Research shows that vegetarian and vegan diets are smart choices for health-conscious humans. They also minimize harm done to animals raised as fodder for supermarkets. But can a diet that is healthy and good for animals also be healthy for our pets?
Some people think so, and have begun to feed their dogs a vegan diet in a bid to promote health and ease the burden on the planet at the same time. The first reaction many people have to meat-less and dairy-free diets for dogs is indignation. Aren’t dogs carnivores? Isn’t it unhealthy, even cruel to feed carnivorous dogs an all-plant diet?
And yet, some vegan dogs seem to be thriving, at least those for whom the diet was approved by a veterinarian. Is it possible for our carnivorous canine companions to survive without flesh and bones? Can they thrive? Here, we address each question in turn; check it out.
Meeting Dogs’ Dietary Needs
A vegan diet is by definition one that does not contain any animal products. Vegans don’t eat meat or its byproducts, milk or eggs, for example. They do eat grains, nuts, beans, legumes, and fruits and vegetables. There’s no doubt that such a diet is acceptable for a human being, with proper supplementation. Humans are optimized primarily for plant consumption, although they can eat meat, too.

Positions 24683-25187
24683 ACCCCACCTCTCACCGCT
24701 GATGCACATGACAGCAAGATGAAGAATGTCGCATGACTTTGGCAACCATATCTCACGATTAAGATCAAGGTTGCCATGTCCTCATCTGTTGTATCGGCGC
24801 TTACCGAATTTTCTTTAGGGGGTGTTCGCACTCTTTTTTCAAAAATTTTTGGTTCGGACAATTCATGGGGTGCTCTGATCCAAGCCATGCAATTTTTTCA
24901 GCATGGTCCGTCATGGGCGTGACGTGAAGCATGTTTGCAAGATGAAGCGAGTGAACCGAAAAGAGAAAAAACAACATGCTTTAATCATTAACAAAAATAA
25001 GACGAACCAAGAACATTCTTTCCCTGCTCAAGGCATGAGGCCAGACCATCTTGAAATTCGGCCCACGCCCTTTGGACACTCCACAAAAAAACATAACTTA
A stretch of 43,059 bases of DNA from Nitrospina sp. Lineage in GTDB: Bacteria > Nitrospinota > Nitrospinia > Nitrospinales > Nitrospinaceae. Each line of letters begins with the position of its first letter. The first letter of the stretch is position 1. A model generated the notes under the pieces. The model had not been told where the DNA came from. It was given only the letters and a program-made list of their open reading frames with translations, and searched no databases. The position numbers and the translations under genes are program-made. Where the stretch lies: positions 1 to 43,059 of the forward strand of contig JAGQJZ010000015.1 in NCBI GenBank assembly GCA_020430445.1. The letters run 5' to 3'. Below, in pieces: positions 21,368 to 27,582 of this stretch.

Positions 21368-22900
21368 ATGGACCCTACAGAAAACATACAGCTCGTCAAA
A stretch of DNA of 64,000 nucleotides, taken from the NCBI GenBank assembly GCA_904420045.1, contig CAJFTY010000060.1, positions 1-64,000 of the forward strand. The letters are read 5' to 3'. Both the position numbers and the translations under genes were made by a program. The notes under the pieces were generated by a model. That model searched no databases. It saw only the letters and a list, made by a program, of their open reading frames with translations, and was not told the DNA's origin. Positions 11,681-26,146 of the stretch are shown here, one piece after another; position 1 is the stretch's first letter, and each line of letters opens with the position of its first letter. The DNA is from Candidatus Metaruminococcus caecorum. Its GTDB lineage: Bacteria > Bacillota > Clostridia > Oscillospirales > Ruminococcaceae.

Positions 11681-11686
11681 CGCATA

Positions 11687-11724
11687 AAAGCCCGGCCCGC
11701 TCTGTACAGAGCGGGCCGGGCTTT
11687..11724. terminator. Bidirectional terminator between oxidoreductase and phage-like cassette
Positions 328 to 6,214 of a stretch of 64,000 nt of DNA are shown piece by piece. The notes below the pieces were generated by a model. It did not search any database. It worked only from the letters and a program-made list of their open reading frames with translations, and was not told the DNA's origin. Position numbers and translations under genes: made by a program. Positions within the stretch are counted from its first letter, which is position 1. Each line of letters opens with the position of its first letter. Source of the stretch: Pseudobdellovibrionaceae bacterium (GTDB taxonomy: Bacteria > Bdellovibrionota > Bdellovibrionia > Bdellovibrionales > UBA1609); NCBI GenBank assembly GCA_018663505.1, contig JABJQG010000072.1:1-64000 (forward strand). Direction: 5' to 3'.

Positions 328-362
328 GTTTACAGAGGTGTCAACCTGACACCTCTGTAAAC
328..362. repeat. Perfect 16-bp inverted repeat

Dogs, on the other hand, seem to be primarily optimized for digesting meat. From tiny toy dogs all the way to the larger breeds – they all have powerful stomach acids, short digestive tracts and big, sharp teeth that seem optimized for meat consumption. But they also need complex carbohydrates to fuel their energy, so proteins can be used to sustain their muscles and tissues. As a result, we generally feed them a diet of plant— and animal-based protein to ensure they get a complete and balanced palate of nutrients.
But an omnivorous mix isn’t the only way to meet all their needs. It’s not the proteins that dogs require, as much as the constituent amino acids. A balance of plant and animal proteins usually provides a complete set of amino acids, which is why feeding a mix of meats and vegetables works. But if you provide the same set of amino acids through a carefully balanced and supplemented vegetative diet, your dog can still meet all their dietary requirements. The same goes for nutrients. Dogs need calcium which they often get from animal products, but bones and dairy aren’t the only ways to get it. They need phosphorus, too, but meat isn’t the only way to get that, either.
Dog By Dog
Designing a healthy vegan diet from scratch involves consideration of numerous details. You may avoid popular starches like soy carbohydrates, for instance, since dogs digest them poorly. You need to help Fido get his taurine. Today, however, there are vegan dog foods at some pet stores promising to take the guesswork out of the equation.
Some people consider canine veganism tantamount to cruelty. Others believe it could be a healthy alternative. The reality may be somewhere in between. Some dogs will benefit, others won’t, and many more will adapt to the specialized diet with little fanfare in either direction.
Keep in mind, there’s no proven health benefit associated with canine vegetarianism or veganism. However, it is possible for an individual dog to thrive on a vegan diet, depending on her unique health requirements. Should you switch your dog to a vegan diet? Only if your vet approves it!